While major auto manufacturers race to bring new electric and hybrid cars to market, other companies are looking at alternatives to electricity - including using air to power cars. The idea of an air-powered car is nothing new
, and companies have been touting the technology for the past few years but for now not much has emerged in the way of a production model, largely due to flaws with the design of the vehicles.
In fact, many engineers are skeptical of the technology's use, as the energy required to power air-compressors in air-powered cars is massive compared to using that energy in an electric battery instead. But there are some distinct advantages to be found in the use of air-powered cars, namely their relative inexpensiveness when compared to complex hybrids and electric vehicles.
One such champion of this aspect of air-powered cars is the CEO of Zero Pollution Motors, a start-up that has developed its own compressed-air car that it hopes to bring to U.S shores by 2011. Heading up the company is Shiva Vencat, who says that while the "whole wide world" may criticize air-powered cars, at the end of the cars such as the Chevrolet Volt need a "massive lithium-ion battery" and hence the final cost to consumers skyrockets.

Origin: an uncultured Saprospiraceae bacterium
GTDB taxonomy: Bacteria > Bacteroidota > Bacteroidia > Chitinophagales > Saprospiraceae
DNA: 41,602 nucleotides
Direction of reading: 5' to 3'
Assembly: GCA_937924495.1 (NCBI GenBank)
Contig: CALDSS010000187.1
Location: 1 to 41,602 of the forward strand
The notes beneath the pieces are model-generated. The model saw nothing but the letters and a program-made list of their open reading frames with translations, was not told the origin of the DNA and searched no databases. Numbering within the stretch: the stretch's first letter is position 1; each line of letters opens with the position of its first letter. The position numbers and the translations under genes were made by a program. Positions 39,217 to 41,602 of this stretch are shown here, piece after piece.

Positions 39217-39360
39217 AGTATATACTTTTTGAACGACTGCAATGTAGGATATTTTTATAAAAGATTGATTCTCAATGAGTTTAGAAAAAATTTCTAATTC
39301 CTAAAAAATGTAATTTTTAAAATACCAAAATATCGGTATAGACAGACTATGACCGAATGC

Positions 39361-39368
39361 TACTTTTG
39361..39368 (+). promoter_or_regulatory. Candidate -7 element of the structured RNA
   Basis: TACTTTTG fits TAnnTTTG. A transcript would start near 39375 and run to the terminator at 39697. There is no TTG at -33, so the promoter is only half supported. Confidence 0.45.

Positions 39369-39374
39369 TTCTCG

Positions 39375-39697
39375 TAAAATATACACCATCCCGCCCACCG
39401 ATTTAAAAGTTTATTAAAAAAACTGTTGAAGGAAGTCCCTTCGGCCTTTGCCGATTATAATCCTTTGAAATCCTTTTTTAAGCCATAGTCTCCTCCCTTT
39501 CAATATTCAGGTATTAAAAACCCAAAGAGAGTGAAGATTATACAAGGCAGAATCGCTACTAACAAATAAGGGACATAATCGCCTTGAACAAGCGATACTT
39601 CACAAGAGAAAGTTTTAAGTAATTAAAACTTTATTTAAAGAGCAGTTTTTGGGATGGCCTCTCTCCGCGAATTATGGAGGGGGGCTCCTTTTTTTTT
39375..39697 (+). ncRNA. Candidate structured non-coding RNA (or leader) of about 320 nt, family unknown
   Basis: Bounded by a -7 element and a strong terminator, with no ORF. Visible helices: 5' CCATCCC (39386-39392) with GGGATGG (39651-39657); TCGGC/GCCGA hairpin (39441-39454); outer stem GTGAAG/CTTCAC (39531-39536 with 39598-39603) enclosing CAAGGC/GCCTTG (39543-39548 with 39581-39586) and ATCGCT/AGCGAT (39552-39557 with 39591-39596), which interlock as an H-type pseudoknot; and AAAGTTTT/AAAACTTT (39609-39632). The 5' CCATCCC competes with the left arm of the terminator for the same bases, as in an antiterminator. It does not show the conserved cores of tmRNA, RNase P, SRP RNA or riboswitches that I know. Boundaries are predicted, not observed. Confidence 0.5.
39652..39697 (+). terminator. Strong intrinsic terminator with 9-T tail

Conversely, Vencat claims that his compressed-air car will ultimately cost around $18,000 to $20,000 when it arrives in the U.S., or around $15,000 less than the upcoming Volt is expected to cost. This saving comes from not having to implement a complex electrical system in the car, and saving on battery costs.
Air-powered cars work by using an air compressor to pressurize air in the car’s tank. When the car is driven at low speeds, the air is released, pushing the pistons up and down as in a conventional gasoline engine without the need for gasoline to provide combustion. At higher speeds the ZPM uses a small conventional motor to heat up the air in order to release it more quickly, as well as to compress more air to extend the range of the car.
The problem with this, as pointed out by numerous experts, is that plugging an air-powered car into a wall to compress air is inherently less efficient than plugging an electric car into the wall instead. The Zero Pollutions Motor air-car uses around six times as much electricity to cover the same distance as the Chevrolet Volt - ultimately, which one appeals to consumers will depend on their own needs but its not impossible to think of certain segments that could find an air-powered car useful.
As for the stats behind Zero Pollution Motors' compressed-air car, they read as impressively as any current electric car - seating for six people, fuel economy of 106mpg and 75hp from its six-cylinder engine, as well as a driving range of close to 850 miles.
Zero Pollution Motors AIRPod